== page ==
Inhumanity and cruelty form a leading feature in the character of almost all tribes in a savage state. When the belief of the immortality of the human soul has not a practical influence on the heart, the life of a man is no more regarded than that of a beast.

During my visit to Mateebé and his people, I had but too many illustrations of the truth of this opinion, and these illustrations were the more striking to me, as I had then ample opportunities of comparing Mahuri (Mateebé's brother) and his people, who were then deriving benefit from the instructions of the missionaries, with the body of the people who were following the king.

Before I left the Kuruman, Mahuri, and one or two of his people, came to me with a youth of about fifteen years of age, and requested me to take him under my protection to save his life. The account he

of him was as follows :-The people with Mateebé, from the long drought, were then suffering all the evils of famine. This young man, to preserve his life, had tole a kid, and eat it. The fact had been discovered, and some of Mateebé's people were then in pursuit of him, and I was informed by Mahuri, that they would certainly kill him the moment they found him. The circumstances of the case left me no room for hesitation; and when I called upon the boy to mount upon the front of my waggon, which was then ready to move, the pleasure which beamed in the countenance of this chief and his people, was scarcely less than that seen in the eyes of the young culprit, to whom it instantly imparted all the joy of a life rescued from certain death. During the first night after our arrival at the camp of Mateebé, he was concealed in the back part of my waggon; and in the morning, when he showed his head, I observed a smile upon his countenance, which indicated the most perfect security, while the people and the children gathered round him, and shaking their heads, exclaimed, “You are a happy fellow!” The business was of course easily settled with Mateebé, and the boy refusing to remain behind me, I brought him with me to the colony.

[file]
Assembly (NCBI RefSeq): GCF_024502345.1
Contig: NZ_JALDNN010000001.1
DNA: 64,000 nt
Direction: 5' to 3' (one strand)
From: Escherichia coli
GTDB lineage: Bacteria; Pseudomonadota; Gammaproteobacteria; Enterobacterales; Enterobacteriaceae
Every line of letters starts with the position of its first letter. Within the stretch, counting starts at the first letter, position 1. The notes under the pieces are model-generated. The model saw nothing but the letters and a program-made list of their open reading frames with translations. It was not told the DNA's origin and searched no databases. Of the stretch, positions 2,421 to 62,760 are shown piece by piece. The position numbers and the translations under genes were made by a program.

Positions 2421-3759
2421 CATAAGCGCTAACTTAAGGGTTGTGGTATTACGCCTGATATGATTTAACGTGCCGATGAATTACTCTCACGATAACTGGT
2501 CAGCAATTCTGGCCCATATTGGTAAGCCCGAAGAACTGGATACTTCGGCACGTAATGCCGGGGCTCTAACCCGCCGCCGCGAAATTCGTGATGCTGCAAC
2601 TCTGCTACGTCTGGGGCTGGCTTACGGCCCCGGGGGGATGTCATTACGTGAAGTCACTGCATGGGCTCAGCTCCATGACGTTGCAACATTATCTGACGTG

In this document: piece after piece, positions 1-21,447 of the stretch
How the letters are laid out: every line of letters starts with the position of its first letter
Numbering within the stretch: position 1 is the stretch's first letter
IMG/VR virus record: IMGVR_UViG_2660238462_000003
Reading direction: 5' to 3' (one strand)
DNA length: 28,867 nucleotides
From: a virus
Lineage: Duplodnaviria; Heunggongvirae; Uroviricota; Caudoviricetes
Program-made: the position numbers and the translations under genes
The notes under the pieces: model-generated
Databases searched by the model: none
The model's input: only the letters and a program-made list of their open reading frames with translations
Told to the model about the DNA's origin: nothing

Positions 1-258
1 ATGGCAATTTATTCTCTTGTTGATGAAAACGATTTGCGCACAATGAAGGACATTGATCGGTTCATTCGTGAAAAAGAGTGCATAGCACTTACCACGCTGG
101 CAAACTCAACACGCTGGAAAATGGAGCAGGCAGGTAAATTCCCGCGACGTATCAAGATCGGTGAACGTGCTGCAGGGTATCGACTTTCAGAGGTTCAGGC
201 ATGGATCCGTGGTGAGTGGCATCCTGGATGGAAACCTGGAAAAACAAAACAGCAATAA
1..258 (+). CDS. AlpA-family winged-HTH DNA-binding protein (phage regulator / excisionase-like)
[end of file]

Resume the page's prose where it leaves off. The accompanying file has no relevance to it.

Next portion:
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Such was the state of wretchedness to which many of Mateebé's people were reduced, that Mr. Gleig remarked, that although he had seen many famines in India, he had never seen the effects of famine in such a manner as he had witnessed at Lattakoo. Many of the common people were literally walking skeletons ; and those among them who were in possession of cattle, were really passing such of their neighbours as were perishing among the bushes, with the leaves in their mouths, with as much indifference as if they had been so many dogs *.

• They that be slain of the sword are better than they that die of hunger, for these pine away stricken through for want of the fruits of the field."-Lamentations iv, 9.